German Q and A

Saul Steinberg


Monday, January 1, 2024

Some books I've read 61

Night by Elie Wiesel

Good book, the text cut to the bone, but after all the films and documentaries, both in books and TV (and comics, MAUS!), it has maybe lost some of its powers.

Cimino: The Deer Hunter, Heaven's Gate and the Price of a Vision by Charles Elton

Great book about Cimino's career, the high point being The Deer Hunter. Then came Heaven's Gate... That now is being revalued. Flawed possibly, but not a complete train wreck. Cimino himself remains an enigma.

White Cat, Black Dog by Kelly Link

I loved her first book, Stranger Things Happen, but her later books have gone more in the direction of fantasy and YA, the same with this one, a retelling of fairy tales. The last story, though, Skinder's Veil, has the old Link magic.

Dartmouth Park by Rupert Thomson

His later books have been a bit hit or miss, but I found this one to be quite intriguing. A bit slow, maybe? But it still works, including the ending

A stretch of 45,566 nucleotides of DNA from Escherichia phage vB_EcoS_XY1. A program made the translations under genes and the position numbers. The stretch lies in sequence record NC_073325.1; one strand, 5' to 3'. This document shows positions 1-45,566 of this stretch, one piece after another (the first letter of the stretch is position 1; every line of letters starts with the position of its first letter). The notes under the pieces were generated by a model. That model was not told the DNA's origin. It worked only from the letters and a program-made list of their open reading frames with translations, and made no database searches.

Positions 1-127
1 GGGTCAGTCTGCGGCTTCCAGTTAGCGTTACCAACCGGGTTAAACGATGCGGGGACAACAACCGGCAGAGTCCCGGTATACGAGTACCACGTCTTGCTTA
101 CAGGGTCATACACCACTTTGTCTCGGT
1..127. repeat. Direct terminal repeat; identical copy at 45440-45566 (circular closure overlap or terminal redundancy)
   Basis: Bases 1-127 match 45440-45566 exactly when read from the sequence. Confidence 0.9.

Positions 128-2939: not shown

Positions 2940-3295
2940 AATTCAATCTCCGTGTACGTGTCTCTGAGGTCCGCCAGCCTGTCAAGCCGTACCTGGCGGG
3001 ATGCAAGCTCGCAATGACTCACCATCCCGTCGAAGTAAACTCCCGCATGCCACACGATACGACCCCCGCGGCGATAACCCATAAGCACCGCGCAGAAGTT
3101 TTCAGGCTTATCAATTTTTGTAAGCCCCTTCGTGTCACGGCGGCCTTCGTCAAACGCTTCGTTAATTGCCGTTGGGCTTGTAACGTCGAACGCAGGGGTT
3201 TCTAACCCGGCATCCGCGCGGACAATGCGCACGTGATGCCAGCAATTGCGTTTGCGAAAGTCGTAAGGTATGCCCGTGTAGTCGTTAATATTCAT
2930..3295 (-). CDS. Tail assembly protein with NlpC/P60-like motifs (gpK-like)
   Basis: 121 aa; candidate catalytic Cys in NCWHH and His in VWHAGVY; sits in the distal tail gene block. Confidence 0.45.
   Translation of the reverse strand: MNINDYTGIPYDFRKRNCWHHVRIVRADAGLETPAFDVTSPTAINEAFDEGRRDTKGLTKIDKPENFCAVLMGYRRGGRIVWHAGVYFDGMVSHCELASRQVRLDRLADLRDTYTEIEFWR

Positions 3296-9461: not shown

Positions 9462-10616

Charlie Chaplin by Peter Ackroyd

A decent biography of Chaplin. It's short, luckily. I'm not such a fan that I'm gonna read the 1000 page one. Yes, he had a thing for young women. And the old Chaplin seems like a monster, with a huge ego and flying into a rage for anything, terrifying his wife and eight kids. 

Camera Man by Dana Stevens

Keaton is my man, more than Chaplin. His silent movies have aged better than some of Chaplin's. After The General tanked he lost his independence at MGM, turning him into an alcoholic. The old question then is, did he spend the rest of his years in misery? According to Stevens, the answer is no. In the 50s, there was a rediscovery of his films, and Keaton was quite happy, and busy, living with his third wife, Eleanor.

Desolate Angel: Jack Kerouac, The Beat Generation and America by Dennis McNally

Of the Kerouac bios I've read so far, this was one of the best. Just as with Hemingway you know that the last 50 pages will be depressing. For Kerouac it was living with his mother, chasing away hippies and drunkenly calling up old friends who hung up on him, writing books mostly being a thing of the past. 

Bill Sienkiewicz's Mutants and Moon Knights and Assassins: Artisan Edition

Quite good book, but should have been more from his Moon Knight and New Mutants comics. The colour pages from Elektra are a bit pointless.